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Date : 16th January, 2015
Time : 1h 15’ 09”
Total distance run to date : 420 km
Run map and details : http://connect.garmin.com/modern/activity/683241011
Press coverage : http://www.dwtonline.com/309124
20 hours. 20 hours of mind numbing, frustration bottling, airport cursing, personal space invader repelling travel to get from London to Paramaribo in Suriname. Off the back of a 4 am alarm and about 3 hours sleep. I could write a whole blog about that one journey. It would do me good to vent.
But that’s what diaries are for. This blog is for you, dear reader, and I shall move on to happier, and more interesting, subjects.
I hadn’t previously met many people who’d been to Suriname and I suspect it’s a fair bet that many of you are unfamiliar with the country.
So, let the lesson commence. It’s a Caribbean country on the north-east coast of South America bordered by Guyana (to the west), French Guiana (to the east) and Brazil (to the south).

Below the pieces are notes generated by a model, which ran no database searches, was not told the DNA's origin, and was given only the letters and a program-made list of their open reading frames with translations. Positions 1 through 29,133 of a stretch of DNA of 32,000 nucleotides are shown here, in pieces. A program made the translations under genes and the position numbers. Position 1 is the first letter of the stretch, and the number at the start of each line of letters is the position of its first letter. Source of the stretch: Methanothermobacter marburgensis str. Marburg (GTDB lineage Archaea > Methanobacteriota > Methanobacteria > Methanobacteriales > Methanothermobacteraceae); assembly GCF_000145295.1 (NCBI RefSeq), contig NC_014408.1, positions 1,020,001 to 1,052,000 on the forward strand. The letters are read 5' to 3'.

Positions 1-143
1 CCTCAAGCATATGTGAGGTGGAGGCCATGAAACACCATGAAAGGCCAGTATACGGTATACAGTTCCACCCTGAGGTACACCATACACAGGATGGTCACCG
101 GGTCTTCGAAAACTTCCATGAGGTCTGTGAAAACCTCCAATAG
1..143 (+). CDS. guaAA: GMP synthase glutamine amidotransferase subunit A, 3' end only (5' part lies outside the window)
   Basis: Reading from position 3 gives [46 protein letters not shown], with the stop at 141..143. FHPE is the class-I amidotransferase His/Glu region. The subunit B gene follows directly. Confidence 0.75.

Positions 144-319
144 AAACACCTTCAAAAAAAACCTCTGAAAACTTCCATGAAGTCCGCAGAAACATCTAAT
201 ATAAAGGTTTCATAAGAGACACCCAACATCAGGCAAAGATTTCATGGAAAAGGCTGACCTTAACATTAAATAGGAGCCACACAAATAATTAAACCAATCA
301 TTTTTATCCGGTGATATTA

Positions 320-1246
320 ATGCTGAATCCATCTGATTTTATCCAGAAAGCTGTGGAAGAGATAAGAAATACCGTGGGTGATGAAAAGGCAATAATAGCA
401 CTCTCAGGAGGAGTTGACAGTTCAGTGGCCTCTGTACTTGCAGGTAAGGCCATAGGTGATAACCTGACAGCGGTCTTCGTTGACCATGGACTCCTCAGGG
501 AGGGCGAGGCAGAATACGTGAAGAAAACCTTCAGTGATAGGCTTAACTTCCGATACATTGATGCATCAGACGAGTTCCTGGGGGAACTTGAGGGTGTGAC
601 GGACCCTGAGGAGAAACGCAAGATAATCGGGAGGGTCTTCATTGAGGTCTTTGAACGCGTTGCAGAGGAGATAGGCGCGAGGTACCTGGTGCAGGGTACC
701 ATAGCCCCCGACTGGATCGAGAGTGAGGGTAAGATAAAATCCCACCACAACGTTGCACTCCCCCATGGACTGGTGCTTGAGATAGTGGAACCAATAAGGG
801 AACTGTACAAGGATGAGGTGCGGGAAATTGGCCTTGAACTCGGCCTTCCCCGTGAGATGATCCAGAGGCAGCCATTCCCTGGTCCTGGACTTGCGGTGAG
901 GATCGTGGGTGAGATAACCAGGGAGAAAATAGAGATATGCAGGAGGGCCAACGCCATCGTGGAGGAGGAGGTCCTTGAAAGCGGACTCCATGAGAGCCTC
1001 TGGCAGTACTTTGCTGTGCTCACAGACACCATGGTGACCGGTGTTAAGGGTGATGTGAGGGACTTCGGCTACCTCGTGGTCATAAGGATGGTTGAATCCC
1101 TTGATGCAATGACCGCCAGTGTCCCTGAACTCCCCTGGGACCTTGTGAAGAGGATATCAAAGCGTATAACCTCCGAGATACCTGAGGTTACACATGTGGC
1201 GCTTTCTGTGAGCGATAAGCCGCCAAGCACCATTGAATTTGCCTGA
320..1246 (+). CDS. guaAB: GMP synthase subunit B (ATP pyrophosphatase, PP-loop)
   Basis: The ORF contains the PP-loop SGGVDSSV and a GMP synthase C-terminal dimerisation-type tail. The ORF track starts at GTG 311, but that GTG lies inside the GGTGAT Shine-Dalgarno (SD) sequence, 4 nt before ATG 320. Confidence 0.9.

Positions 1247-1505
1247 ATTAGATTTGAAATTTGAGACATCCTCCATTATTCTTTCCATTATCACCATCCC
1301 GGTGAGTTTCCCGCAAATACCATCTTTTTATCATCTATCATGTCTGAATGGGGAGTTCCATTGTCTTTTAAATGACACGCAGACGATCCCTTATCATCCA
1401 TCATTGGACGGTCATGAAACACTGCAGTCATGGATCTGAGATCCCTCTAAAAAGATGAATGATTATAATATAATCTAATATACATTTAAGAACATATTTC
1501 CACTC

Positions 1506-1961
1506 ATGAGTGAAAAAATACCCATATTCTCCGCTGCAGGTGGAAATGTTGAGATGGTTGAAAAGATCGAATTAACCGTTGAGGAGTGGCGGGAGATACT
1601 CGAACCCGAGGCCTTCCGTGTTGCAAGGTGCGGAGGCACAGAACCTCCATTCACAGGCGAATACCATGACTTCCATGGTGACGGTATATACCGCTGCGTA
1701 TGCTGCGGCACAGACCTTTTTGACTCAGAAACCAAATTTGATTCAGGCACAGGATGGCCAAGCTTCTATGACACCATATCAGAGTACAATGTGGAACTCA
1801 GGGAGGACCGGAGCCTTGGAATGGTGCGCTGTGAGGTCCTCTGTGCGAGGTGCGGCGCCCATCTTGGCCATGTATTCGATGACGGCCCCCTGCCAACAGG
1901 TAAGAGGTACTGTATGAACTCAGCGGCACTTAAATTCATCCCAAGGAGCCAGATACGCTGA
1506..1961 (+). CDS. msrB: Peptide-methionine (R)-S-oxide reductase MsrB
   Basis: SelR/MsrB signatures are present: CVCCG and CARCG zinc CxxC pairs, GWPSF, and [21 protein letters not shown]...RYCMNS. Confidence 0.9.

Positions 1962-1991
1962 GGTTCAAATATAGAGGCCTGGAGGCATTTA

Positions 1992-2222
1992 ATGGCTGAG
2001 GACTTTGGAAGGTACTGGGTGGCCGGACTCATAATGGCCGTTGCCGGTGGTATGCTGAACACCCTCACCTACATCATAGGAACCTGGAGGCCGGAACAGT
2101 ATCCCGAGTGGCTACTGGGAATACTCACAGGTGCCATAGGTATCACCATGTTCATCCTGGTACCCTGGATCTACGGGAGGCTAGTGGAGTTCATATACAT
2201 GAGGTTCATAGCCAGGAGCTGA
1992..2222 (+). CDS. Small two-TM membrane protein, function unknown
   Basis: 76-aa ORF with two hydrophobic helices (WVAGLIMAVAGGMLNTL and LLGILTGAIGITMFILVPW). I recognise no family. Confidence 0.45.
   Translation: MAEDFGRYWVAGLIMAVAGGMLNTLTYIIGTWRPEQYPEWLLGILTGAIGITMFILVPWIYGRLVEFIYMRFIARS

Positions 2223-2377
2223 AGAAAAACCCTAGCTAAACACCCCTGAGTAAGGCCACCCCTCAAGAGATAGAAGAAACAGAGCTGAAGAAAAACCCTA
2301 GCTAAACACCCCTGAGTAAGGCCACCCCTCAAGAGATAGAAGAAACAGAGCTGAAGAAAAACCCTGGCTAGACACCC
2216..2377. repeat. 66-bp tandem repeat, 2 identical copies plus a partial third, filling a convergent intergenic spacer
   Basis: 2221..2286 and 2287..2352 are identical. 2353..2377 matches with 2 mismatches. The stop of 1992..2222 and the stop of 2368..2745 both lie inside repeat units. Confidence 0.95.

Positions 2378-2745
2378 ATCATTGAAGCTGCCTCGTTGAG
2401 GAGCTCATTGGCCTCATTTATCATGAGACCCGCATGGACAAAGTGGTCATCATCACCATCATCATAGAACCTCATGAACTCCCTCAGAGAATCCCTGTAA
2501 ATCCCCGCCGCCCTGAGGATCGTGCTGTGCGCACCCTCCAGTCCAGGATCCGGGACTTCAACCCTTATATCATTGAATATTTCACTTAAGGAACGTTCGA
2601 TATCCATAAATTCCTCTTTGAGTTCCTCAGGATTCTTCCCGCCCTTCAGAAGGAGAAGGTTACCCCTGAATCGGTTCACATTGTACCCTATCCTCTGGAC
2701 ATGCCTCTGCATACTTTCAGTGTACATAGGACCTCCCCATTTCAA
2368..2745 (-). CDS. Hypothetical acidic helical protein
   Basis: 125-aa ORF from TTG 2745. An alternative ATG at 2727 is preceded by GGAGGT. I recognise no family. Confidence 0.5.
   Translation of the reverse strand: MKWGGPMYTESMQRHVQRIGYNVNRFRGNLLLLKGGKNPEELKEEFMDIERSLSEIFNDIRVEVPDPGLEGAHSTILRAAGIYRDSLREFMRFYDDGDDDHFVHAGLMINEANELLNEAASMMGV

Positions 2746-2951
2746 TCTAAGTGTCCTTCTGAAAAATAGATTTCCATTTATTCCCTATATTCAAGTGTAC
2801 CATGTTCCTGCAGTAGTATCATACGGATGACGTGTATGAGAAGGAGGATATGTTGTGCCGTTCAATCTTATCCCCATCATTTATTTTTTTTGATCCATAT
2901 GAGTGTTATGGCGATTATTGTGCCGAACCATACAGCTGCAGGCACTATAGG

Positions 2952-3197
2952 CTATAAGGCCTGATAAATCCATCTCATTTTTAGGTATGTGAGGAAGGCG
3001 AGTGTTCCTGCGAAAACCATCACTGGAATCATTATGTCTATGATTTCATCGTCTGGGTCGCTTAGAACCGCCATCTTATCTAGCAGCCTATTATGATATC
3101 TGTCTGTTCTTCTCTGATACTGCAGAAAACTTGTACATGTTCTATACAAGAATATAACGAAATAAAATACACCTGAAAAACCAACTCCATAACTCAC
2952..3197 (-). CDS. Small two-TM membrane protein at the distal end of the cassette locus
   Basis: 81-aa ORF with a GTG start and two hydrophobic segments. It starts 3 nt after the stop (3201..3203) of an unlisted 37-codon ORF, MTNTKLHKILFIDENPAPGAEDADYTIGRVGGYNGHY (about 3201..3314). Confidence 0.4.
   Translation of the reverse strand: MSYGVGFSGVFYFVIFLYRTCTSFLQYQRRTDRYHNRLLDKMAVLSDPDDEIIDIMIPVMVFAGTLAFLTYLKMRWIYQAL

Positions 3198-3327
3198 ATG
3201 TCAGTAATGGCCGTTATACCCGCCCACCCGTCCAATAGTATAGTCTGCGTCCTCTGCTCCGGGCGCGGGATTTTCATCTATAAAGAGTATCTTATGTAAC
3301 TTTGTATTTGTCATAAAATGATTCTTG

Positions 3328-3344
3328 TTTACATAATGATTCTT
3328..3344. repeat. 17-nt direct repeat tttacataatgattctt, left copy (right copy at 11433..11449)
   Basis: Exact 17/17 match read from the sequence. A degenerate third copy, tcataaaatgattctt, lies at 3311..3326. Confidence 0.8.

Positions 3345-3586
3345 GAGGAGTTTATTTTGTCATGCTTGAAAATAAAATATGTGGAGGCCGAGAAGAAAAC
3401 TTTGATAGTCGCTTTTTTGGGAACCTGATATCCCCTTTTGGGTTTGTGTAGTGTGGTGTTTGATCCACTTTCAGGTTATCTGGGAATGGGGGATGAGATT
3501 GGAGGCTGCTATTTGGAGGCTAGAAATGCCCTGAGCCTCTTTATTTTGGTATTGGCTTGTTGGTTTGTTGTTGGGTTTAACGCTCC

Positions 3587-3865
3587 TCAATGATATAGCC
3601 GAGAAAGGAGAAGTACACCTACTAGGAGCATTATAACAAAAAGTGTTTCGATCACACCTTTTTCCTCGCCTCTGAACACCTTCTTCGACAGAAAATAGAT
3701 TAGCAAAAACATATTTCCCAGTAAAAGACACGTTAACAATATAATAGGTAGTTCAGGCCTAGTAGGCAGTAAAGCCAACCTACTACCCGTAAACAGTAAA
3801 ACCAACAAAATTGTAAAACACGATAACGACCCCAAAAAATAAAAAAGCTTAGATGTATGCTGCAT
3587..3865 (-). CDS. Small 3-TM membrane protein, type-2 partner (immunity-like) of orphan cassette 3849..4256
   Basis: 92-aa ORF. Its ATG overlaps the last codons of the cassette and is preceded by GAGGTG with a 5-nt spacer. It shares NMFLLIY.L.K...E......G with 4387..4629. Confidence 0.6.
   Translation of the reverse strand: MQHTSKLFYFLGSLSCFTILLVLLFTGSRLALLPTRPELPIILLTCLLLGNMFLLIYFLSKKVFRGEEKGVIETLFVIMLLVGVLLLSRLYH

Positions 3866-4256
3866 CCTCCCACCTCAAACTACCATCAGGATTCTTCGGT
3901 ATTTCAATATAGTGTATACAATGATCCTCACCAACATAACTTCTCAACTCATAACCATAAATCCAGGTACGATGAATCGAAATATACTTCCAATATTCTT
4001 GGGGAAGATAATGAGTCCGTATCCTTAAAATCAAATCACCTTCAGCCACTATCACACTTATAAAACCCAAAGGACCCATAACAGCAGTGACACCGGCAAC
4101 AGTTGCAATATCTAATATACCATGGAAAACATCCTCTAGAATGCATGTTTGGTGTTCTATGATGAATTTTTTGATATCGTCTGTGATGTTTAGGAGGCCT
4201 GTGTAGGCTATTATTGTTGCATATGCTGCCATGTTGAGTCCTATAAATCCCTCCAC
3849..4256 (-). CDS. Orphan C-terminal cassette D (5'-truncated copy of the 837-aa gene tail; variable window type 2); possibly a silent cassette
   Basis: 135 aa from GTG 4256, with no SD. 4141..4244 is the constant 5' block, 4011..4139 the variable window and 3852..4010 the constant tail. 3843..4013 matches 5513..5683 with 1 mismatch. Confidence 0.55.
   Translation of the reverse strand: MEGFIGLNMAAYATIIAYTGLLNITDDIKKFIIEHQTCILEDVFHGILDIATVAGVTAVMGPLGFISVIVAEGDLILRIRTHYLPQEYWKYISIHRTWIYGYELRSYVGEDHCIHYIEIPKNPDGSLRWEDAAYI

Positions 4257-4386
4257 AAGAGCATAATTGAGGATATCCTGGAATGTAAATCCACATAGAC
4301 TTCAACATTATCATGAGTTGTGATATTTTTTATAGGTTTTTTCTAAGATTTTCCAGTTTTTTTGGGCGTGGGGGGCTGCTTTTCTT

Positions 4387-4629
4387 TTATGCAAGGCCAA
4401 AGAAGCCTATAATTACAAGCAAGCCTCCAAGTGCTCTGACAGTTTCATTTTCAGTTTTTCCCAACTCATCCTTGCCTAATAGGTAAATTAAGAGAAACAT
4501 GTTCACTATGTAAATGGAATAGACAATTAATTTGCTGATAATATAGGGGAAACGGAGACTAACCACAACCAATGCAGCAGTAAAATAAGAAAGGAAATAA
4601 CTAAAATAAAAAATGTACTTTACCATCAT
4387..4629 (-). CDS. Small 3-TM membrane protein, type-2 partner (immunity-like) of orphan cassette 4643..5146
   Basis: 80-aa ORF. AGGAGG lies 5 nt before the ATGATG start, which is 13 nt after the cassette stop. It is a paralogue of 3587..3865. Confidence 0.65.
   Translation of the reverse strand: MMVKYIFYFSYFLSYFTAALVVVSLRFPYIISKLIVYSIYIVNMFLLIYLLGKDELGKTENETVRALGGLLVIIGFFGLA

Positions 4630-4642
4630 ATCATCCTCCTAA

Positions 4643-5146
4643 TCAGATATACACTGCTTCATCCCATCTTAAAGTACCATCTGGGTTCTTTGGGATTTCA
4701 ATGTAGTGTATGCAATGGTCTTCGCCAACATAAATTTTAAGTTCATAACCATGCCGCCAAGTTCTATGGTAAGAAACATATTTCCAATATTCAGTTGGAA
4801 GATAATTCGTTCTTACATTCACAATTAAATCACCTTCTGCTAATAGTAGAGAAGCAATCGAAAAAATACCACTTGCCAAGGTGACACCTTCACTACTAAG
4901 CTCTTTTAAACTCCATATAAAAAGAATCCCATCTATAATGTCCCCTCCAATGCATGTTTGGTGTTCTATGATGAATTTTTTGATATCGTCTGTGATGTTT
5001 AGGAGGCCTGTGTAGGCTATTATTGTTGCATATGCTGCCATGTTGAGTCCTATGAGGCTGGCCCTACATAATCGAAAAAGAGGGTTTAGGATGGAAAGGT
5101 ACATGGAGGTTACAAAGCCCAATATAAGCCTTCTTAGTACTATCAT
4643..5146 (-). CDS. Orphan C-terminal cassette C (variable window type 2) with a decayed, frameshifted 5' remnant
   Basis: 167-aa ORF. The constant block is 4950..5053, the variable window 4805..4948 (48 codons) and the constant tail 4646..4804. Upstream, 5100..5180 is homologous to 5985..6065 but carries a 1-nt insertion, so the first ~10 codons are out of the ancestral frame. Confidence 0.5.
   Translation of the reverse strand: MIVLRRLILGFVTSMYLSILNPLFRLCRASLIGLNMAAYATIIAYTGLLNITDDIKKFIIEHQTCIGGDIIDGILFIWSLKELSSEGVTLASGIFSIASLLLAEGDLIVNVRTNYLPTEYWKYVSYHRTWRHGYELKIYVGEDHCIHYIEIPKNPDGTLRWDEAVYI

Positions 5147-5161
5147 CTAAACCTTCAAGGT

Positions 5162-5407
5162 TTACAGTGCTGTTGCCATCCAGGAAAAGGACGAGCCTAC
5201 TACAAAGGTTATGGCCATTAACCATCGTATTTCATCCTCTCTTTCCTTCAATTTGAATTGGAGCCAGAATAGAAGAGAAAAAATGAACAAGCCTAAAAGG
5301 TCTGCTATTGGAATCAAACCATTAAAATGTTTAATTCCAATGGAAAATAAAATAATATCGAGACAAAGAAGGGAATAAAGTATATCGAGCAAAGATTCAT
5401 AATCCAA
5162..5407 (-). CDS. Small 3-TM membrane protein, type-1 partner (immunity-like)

It was a Dutch colony until 1975 and there’s still plenty of Dutch influence. Paramaribo, the capital, is full of xyz straats, colonial buildings and Dutch speaking people.
But it’s not just Dutch. People from all over the world have made their home in Suriname and there are, for example, plenty of Indians and East Asians. Keizerstraat is home to a mosque, a Jewish temple and a Christian church and the locals will tell you, with pride, that there is no trouble and that’s how it should be.
But it does have a proper Caribbean market and I love to look round local markets. They give a real sense of local life, even if they do sometimes offend Western sensibilities. This one was no exception. Plenty of unfamiliar fish and greens, various cooked cloven hooved haunches, a whole baked turtle – and a chopped up armadillo.
Overall, the people and the place have that sunny, Caribbean ‘life in perspective’ feel to them. (The weather, on the other hand, did not. Or at least it didn’t while I was there. In fact the rain hammered down for much of my visit.)
Paramaribo also has the Hotel Palacio which is an exceptionally friendly gem of a place in the centre of town. They’d arranged for the local press to come along and for a bunch of people to run with me. I don’t think they’d arranged for the rain to stop. But stop it did – and just as we set off on our run.
The run itself was as pleasant as these runs get. Good company, fresh legs, cool temperature and a gentle pace. More pictures, a press interview and a couple of beers afterwards and then an early bed to get ready for another 4 am alarm and the journey to Guyana.
Thank you Avinash and everyone at the Palacio who made me so welcome and thank you to my fellow runners. I hope to see you all again someday!